Kláštorisko – Carthusian Monastery

History

   Originally, in the Kláštorisko glade there was a monastic settlement and a small stronghold referred in the documents as Lethon Castrum. During the Mongol invasion in 1241, it was a shelter for the inhabitants of the surrounding villages, hence the name of the area of ​​Lapis Refugii, or “Rock of the Shelter”. At the beginning of the 14th century, the stronghold was taken over by the Carthusians, who built their monastery there around 1307.
   Initially, the convent from Kláštorisko was very poor, and its land was barren, suitable only for grazing animals. It was only thanks to royal donations, but mainly noble and church subsidies, that it gradually acquired the property in the vicinity, even in more remote places such as Šariš, Liptov, Zamagurie and vineyards south of Zemplín. Thanks to this, throughout the fourteenth century, the expansion of the monastery church and enclosure buildings continued, and it was also possible to create a branch of the monastery on the Dunajec River (Red Monastery) with which Kláštorisko was in constant contact.
   In 1433, the monastery was destroyed by the Hussites, after which it was abandoned for a long time. Unfortunately, the location of the monastery away from other human settlements meant that this object from time to time fell victim to robberies. After a partial renovation under the auspices of Ján Monesser from Kieżmark, in 1454 it was attacked by post-Hussite troops of “bratrzyks”. The monks then moved to Levoča, but life in a large town did not suit them, so they returned to Kláštorisko and from 1478 began rebuilding under the leadership of the prior from Mauerbach. In the following decades, work was continued, mainly under the leadership of prior Andrej (after 1492), and then Jodokus (after 1500), during which time almost all of the cells were restored under the patronage of Hedwig of Cieszyń, the widow of the palatine Štefan Zapolya, who, according to the monastery chronicler, was the only woman who could pass the monastery gate.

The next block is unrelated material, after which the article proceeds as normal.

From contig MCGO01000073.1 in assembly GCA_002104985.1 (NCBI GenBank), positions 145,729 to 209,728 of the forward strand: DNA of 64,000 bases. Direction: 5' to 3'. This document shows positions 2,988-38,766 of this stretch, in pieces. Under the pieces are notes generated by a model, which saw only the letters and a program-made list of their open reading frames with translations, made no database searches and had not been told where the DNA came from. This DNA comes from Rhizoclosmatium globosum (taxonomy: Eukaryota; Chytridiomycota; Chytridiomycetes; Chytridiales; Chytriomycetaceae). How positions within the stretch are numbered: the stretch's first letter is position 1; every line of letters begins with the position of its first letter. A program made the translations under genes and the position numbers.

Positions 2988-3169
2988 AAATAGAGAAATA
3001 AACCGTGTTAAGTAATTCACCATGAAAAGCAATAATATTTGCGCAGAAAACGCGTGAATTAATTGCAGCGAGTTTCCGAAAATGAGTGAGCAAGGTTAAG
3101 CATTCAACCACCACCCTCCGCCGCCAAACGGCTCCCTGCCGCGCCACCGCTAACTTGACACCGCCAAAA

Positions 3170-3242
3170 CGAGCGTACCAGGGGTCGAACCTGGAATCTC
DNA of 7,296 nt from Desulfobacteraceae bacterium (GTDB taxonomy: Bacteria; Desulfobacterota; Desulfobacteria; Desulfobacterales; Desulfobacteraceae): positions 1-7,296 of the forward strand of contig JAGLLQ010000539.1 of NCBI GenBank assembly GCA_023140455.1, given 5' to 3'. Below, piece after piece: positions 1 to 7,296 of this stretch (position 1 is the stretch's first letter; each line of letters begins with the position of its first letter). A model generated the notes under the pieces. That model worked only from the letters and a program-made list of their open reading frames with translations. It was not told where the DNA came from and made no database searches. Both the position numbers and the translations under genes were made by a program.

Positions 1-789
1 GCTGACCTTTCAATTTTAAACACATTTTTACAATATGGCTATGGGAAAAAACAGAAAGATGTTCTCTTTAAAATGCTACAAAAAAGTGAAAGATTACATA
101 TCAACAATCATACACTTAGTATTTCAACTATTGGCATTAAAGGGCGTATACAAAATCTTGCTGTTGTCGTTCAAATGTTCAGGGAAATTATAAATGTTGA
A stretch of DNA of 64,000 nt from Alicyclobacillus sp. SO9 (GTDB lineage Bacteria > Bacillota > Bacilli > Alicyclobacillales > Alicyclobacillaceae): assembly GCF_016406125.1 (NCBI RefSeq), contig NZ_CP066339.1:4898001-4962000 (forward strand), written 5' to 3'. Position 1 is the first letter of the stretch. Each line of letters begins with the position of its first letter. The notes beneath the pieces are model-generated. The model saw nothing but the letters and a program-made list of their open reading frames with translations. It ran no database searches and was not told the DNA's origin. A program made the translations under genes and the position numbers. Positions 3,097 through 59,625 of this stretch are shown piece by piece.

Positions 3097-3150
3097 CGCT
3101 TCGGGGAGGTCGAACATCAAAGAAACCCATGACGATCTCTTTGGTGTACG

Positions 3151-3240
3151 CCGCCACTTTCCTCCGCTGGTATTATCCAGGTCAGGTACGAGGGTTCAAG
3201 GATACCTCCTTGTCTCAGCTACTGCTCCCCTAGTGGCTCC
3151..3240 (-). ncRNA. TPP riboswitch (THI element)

In 1543, the monastery was attacked by the captain of the castle Muráň, the knight – robber Matej Bašo, who plundered the monastery and began to transform the buildings for military purposes. By the decision of representatives of the cities and nobility of Spiš and Šariš, as well as with the consent of the Spiš chapter, the monastery was deliberately demolished in the same year so as not to become a robbers’ stronghold. The monks moved with their belongings (especially with the monastery library) to the Red Monastery, and the buildings fell into total ruin.

Architecture

   The monastery consisted of three clearly separated parts: the southern one, generally accessible part for everyone, with the entrance courtyard surrounded by hospices, behind which there was a central part with the church and the most important enclosure buildings surrounding a small patio, and the northern part, where there was a spacious courtyard surrounded by houses – Carthusian cells. The original entrance gate was located on the lower, northern side, while on the upper (southern) side, only a gate for lay visitors of Kláštorisko.
   The central part of the monastery followed the typical Benedictine pattern. There was a single-nave church with a polygonal chancel on the eastern side and a sacristy added to the south. On the opposite, northern side, an inner patio was adjacent to the church, surrounded by cloisters connected to the three wings of the buildings. In the eastern part it was a chapel with a three-sided eastern closure and the prior’s house, in the northern range there was a refectory and a monastery kitchen, while in the west there were rooms for novices and lay brothers. The latter from the west were adjacent to the complex of economic buildings (granaries, pantries, warehouses) surrounding another small courtyard.
   The large northern courtyard measuring 40 x 40 meters was surrounded by the aforementioned Carthusian hermitages, each of which was 10 x 10 meters. There were nine of them in total, separated from each other by gardens with a shape similar to a square. In the courtyard, more or less in its central part, there was a well, and on the southern side, near the cloister garth, there was a four-sided building of the monastery library.

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bibliography:
Website apsida.sk, Letanovce-Kláštorisko.
Website wikipedia.org, Kláštorisko.